What predates on cactus in the Atacama desert?

Introduction Last week, I was in the Atacama desert where I've seen many cacti. Some / many of them were seemingly suffering from predation. Most of predation seemed to be on cardón, often restricted ...
2
votes
3answers
150 views

Are agave plants perennial?

If I were to harvest an agave plant for its nectar, would it kill the plant? I have watched videos of the process and it seems quite invasive.
1
vote
1answer
1k views

Why does spiral or annular thickening occur in water conducting plant vessels?

From what I behold, spiral and annular thickening of xylem and trachied cell walls leaves a lot of not thickened regions of cell wall. Lignin is the material which prevents water from escaping these ...
0
votes
1answer
2k views

What are pit fields?

I found this statement from my biology text book, "The sieve tube elements and the companion cells are connected by pit fields present between the common longitudinal walls". Is the pit field same ...
0
votes
1answer
81 views

plant crossing for creating breeding population

I read some material about plant breeding. For a self-incompatible plant with high heterozygosity, it said that after selecting the plant population based on phenotype/desired trait, a cross was done ...
2
votes
1answer
194 views

What does basipetal succession (of flowers/leaves) mean?

The definition says that basipetal succession is the arrangement of flowers such that the older ones are present at upper side and the young flowers are arranged towards base. But in this diagram: ...
1
vote
0answers
12 views

Is there any double staining method to visualise separate colour for plant tissue and fungal tissue?

Is there any double staining method for developing separate colour on fungal tissue and plant tissue when the said 2 types of tissues are intermingled? Unlike my previous question, this question not ...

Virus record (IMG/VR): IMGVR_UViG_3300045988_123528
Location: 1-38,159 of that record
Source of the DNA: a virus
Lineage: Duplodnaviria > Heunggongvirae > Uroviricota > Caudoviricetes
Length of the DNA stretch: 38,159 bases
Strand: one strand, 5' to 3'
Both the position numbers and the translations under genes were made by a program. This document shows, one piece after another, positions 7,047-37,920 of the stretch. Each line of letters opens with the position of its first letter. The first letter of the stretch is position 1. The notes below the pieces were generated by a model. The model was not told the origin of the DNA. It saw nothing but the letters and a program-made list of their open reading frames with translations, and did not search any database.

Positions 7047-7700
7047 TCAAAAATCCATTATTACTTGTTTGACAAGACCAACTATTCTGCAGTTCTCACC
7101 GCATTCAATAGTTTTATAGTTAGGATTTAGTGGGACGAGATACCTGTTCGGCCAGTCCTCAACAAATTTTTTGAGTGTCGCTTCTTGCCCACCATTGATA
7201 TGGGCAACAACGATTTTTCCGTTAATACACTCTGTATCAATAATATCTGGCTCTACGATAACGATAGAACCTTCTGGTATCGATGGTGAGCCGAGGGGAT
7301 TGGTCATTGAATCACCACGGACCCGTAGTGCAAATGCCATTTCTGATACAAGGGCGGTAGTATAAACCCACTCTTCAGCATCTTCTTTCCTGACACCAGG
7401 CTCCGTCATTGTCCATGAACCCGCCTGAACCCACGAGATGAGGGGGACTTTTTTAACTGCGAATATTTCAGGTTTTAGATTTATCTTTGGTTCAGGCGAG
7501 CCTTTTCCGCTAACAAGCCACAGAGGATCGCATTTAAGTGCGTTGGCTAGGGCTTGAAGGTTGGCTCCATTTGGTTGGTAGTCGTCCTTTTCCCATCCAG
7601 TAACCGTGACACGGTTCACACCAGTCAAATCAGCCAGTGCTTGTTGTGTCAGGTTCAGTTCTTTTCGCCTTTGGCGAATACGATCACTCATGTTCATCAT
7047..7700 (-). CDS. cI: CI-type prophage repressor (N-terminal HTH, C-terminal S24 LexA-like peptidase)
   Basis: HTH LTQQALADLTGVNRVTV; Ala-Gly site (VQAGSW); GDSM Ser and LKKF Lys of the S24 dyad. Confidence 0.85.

0
votes
2answers
39 views

Why are hydathodes called hydathodes and not hydrothodes? [closed]

I can't seem to find any etymological root for the hyda- in hydathode. I expected the water-relater structure to be called a hydrothode, but it just isn't!
5
votes
1answer
374 views

Is it normal for corn to have multiple ears in one place?

I have (out of a mistake) one corn plant in my greenhouse and it made 4 cobs in one place. Is that normal?! I never saw something like this before.
3
votes
1answer
930 views

Is pith a ground tissue with no specialized function?

Here is a question from the book My Max Score SAT Biology E/M Subject Test (where the SAT is the exam taken by American high school students): Ground tissue with no specialized function A. Xylem ...
2
votes
4answers
5k views

Doubly-compound leaf examples?

I've got a project where we collect leaves, classify them, etc. There are some required classifications. One of the requirements is to get a doubly-compound leaf. What are some trees that are doubly-...
3
votes
1answer
1k views

What's the difference between a simple and 1-foliolate (unifoliolate) leaf?

How is a 1-foliolate leaf (e.g., Hardenbergia) different from a simple leaf?
0
votes
1answer
48 views

Reason behind colour of hibiscus and sunflower [closed]

What is the reason for the red colour of hibiscus and the yellow colour of sunflower?